A summer with my son

Tulika Prasad

Like every year, and like for most parents, the arrival of our summer is preceded by a frantic search for summer camps to keep the kids busy. This year was no different. I looked everywhere and tried every combination, but some were too repetitive, some too expensive and some just not the right fit. Nothing seemed to be interesting enough that I would send my son to.

So, there I was, staring at my son, as he got off the bus on the last day of his school year, wondering how the long summer break is going to play out. with no plan in place, I decided to call this phase the “knowing my son better” period since we were going to be together for pretty much the whole time for the next 2 and a half months. I did have 2 hours of ABA in place for him but that was pretty much all that we had. I had imagined this would lead to a lot of frustration for the both of us - him because of the lack of structure in his day and me because I would not have any time for myself. To say that I was in for a pleasant surprise would be an understatement!

Although I thought “knowing my son better” was a euphemism that I would be using, I actually did get to know my son better. As I would sit with him and talk about different things, sharing nuggets of information while we were strolling in the park or lazing off in the hammock or just chilling in the backyard with a bowl of ice cream, I realized what a quick learner he was. He loved and learned when I talked to him and would mostly zone off when I tried to “teach” him. I think this summer made it possible for me to really know how my son preferred to learn.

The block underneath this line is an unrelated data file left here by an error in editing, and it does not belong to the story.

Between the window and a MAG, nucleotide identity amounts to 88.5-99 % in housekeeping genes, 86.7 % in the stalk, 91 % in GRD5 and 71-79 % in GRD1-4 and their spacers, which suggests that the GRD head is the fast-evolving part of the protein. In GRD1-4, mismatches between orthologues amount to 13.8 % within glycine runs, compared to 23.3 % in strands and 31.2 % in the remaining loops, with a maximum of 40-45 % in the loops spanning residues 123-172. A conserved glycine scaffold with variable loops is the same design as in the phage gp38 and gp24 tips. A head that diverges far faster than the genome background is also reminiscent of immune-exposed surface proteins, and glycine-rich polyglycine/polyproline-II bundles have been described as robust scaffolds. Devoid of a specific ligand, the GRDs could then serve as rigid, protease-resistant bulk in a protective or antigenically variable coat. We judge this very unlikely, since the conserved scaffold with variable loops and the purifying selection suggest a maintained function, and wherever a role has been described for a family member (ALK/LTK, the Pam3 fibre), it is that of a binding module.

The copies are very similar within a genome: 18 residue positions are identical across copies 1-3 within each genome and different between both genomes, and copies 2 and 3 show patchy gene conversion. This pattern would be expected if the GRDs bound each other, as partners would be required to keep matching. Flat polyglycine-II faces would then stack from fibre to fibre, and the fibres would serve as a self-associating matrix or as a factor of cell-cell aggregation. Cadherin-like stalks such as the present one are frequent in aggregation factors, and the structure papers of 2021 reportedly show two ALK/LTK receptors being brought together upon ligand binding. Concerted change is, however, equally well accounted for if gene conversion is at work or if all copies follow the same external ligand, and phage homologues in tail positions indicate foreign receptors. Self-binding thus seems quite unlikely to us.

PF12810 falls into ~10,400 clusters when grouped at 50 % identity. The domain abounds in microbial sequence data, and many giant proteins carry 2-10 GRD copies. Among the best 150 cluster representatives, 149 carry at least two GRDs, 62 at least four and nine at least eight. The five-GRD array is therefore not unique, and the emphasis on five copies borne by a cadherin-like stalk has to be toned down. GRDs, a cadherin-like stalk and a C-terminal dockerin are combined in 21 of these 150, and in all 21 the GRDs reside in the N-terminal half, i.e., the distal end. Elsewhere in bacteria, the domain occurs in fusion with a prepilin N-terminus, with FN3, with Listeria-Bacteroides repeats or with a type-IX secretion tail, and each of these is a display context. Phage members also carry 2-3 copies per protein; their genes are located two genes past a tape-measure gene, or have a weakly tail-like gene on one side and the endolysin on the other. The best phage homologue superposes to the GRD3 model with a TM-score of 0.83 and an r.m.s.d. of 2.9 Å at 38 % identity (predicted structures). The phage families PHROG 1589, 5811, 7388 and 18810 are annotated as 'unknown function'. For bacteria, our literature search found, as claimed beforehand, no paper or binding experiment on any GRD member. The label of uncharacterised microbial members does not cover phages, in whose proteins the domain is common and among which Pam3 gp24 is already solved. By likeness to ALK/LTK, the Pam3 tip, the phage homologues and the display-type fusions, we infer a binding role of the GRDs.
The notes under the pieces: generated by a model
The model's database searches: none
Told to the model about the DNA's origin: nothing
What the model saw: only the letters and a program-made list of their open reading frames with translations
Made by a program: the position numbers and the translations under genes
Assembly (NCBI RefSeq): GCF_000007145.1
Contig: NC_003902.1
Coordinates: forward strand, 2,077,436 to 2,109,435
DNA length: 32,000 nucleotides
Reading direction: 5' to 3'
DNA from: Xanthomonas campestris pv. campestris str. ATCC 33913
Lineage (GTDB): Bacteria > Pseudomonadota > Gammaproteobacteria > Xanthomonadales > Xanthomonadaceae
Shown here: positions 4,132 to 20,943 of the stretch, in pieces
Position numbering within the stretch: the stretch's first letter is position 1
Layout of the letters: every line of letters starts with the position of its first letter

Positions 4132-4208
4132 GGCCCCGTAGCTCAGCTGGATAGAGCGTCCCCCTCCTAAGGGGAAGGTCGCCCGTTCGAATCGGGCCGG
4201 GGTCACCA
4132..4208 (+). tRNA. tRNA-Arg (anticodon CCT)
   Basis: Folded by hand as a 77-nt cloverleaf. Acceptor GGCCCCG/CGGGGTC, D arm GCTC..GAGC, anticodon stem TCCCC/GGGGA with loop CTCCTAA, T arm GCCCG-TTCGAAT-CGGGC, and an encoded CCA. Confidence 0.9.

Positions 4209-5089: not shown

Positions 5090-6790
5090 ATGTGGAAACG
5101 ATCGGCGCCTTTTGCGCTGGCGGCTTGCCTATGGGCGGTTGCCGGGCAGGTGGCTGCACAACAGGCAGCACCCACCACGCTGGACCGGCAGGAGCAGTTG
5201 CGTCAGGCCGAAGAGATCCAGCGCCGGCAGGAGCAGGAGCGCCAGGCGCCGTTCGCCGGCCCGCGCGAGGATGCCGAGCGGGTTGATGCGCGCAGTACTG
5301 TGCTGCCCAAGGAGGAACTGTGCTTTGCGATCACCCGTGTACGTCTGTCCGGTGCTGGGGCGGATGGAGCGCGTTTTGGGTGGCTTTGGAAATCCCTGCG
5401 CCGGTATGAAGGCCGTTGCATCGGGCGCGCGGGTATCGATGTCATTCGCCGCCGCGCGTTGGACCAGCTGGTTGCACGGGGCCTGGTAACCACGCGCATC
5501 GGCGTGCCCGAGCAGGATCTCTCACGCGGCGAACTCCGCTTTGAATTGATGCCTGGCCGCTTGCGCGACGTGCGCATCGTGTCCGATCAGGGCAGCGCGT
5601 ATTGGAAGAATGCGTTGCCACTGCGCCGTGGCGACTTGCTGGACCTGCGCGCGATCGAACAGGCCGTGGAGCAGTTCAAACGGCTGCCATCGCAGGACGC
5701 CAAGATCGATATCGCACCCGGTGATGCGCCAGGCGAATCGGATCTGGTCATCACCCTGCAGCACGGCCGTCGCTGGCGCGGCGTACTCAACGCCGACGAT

We had a lot of idle time that I needed to fill and from my past experiences I knew my son did not care about drawing or painting. Still, I decide to reintroduce some stuff because I could think of nothing else. So off we went to the store to get some really cheap painting supplies and I placed the paints, brush and a pad in front of him and let him do whatever he wanted. We had all the time in the world so there was no rush to paint a perfect picture. There was no rush to be somewhere or do something more important, so we dipped our brush and our fingers in the paint and let our creativity flow. What came out of it was an abstract painting that -- except for me -- no one would hang in their living room, but what I gained out of it was my son’s newfound interest. He did not run away from the table or chew on the brush aimlessly. He painted- circles, blobs and patterns not discovered yet, and I found a possibility of yet another of my son’s potential in those patterns.